I want to yield back to the gentleman from Iowa because as he was talking about Otto Von Bismark and the creation of that hammock and that sense of dependency and that toxic stew that I referred to as rainbow stew, I want to yield back to the gentleman because I think he was making some excellent points, and I want to let him continue.
I think we have maybe 15 more minutes or so, and I would like to yield back to the gentleman from Iowa
Mr. KING of Iowa. I thank the gentleman from Georgia, Mr. Gingrey. And in the interim here I thought I would take a look at the lyrics of ``Rainbow Stew,'' which I have here now. And parts of these lyrics echo to me pretty well. And it has--the message is that we will all be drinking free bubble-ubb and eating that rainbow stew. That is when we reach this utopia is the tone of Merle Haggard's country western song from years ago.
I'll take us down to this part. The President has promised the American people a whole string of things. He's promised that he won't sign a bill that costs over $900 billion. He's promised that the negotiations--eight times on national television he said negotiations will take place on C-SPAN. There won't be backroom deals. This will be all out in the open, and it's going to lower the cost of the health care. We know it goes the opposite, the whole string of things, that there isn't even a pretense that he is going to keep his word on.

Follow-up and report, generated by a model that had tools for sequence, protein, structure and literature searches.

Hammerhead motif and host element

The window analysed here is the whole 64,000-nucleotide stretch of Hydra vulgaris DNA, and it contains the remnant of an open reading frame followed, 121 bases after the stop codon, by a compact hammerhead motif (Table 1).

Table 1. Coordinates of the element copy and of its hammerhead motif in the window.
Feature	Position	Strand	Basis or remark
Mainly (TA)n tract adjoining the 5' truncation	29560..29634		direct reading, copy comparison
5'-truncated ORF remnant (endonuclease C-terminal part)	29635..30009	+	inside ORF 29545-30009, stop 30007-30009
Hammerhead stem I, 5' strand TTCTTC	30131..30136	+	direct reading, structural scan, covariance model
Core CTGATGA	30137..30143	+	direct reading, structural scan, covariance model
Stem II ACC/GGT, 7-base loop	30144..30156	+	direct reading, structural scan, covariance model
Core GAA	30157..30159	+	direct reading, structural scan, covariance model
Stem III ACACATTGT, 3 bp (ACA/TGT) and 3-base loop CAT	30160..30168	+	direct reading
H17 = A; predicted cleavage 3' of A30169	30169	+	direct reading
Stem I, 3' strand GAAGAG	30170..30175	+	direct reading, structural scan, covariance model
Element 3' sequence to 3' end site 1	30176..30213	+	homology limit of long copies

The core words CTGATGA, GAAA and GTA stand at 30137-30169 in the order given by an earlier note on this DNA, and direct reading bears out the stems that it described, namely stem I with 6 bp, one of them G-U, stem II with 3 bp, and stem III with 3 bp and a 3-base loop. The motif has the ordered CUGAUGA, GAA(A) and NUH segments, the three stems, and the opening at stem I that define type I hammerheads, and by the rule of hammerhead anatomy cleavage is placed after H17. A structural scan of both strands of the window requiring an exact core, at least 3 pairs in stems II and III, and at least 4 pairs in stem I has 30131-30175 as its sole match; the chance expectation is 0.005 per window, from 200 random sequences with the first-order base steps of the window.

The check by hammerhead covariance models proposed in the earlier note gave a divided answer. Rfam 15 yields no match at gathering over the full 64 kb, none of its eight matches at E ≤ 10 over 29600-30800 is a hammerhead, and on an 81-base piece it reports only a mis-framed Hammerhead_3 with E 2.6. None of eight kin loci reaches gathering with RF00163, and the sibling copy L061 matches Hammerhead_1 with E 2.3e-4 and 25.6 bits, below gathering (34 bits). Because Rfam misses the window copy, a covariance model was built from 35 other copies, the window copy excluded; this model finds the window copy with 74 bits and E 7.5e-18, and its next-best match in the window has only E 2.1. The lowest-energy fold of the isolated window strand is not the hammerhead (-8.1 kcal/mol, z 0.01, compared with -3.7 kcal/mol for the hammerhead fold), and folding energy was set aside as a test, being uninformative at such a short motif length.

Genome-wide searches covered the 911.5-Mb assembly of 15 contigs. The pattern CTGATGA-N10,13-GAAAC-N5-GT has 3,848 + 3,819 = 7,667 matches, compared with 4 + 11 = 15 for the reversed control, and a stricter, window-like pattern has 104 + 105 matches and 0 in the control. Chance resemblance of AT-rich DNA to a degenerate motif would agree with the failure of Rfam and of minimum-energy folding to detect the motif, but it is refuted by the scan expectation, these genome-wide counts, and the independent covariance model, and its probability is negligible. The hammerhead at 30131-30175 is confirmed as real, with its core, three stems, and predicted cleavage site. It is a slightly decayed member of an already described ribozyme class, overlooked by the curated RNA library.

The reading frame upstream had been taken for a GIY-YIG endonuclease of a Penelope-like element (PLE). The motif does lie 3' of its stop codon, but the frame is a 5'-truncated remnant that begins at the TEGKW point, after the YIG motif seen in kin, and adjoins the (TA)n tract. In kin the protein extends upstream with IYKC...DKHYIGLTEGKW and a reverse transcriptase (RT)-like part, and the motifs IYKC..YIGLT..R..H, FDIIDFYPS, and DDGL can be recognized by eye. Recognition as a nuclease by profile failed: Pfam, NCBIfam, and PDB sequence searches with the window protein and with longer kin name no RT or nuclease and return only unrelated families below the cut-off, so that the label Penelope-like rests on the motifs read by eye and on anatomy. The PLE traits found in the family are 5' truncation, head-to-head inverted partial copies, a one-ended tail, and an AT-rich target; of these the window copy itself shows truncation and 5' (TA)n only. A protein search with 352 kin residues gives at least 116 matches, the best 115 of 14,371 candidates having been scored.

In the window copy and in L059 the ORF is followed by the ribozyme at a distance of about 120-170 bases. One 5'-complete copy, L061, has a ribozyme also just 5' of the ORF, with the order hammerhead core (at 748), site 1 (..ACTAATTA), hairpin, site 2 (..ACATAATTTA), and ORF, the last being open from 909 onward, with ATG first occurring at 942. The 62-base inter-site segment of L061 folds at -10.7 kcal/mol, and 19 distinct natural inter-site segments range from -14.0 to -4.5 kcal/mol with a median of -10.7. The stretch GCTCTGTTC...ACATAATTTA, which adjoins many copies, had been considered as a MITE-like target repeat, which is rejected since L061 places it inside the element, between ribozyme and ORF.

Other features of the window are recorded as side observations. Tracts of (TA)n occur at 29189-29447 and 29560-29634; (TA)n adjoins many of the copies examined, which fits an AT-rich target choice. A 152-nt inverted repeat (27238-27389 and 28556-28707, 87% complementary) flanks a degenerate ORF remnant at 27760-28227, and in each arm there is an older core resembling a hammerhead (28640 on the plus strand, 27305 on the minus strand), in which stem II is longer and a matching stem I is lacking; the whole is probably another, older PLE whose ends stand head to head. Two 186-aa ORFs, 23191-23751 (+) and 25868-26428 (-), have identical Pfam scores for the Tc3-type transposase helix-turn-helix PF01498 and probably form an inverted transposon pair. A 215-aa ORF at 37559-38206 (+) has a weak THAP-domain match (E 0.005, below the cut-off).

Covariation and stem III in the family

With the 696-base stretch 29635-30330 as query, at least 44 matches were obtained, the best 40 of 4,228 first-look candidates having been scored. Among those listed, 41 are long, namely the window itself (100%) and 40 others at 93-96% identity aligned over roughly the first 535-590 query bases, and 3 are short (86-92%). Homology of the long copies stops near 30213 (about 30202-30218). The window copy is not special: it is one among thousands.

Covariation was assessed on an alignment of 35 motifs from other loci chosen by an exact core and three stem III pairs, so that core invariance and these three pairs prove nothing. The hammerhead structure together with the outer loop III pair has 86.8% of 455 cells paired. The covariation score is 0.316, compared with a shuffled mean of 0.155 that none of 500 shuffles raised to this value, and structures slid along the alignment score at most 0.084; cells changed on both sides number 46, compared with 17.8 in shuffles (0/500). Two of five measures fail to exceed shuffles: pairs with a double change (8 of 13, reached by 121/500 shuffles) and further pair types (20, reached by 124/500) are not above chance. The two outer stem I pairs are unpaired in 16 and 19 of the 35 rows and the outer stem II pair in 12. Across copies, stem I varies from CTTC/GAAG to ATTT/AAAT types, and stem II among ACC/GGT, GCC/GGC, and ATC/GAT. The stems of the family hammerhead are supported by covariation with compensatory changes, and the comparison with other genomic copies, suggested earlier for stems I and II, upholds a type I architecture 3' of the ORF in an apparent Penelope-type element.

And here's Merle Haggard's part of the song ``Rainbow Stew.'' It says: ``When a President goes through the White House door, an' does what he says he'll do, we'll all be drinkin' free bubble-ubb, eatin' that rainbow stew.'' They'd like us to eat the toxic stew, and the American people won't have any part of it.
What's going on here in this Congress is a unique thing. What the gentlemen in the Doctors Caucus talked about in the previous hour was about the idea of the Slaughter House rule. The idea that a bill would come to the House--not the floor of the House. It would go up there in the hole in the wall in the third floor in the Rules Committee, that tiny little room that hardly ever has any press in it, and only one time in the history of this country that I know of has there even been a television camera in there. And they make their deal up above.
It will be what the Speaker writes in her office by conferring with the people that she decides to confer with. She will give her directive to the Chair of the Rules Committee who will carry out that directive. And what they're threatening to do and what they will, I think, attempt to do is write a self-enacting rule that deems that the Senate bill has passed the House even though it would never be seen nor debated or voted on the floor of the House, just be the Rules Committee that will deem that. Send the rule down here and then Democrats can vote for the rule that doesn't necessarily mean they're for the Senate bill.
Then, whatever they do with their reconciliation, write another bill, which is apparently put together and may be out, this reconciliation bill that is what they call the House fixes, that is all the deals that have to be made to satisfy the Democrats in the House to get enough of them necessary to get enough votes for passage. That is 216.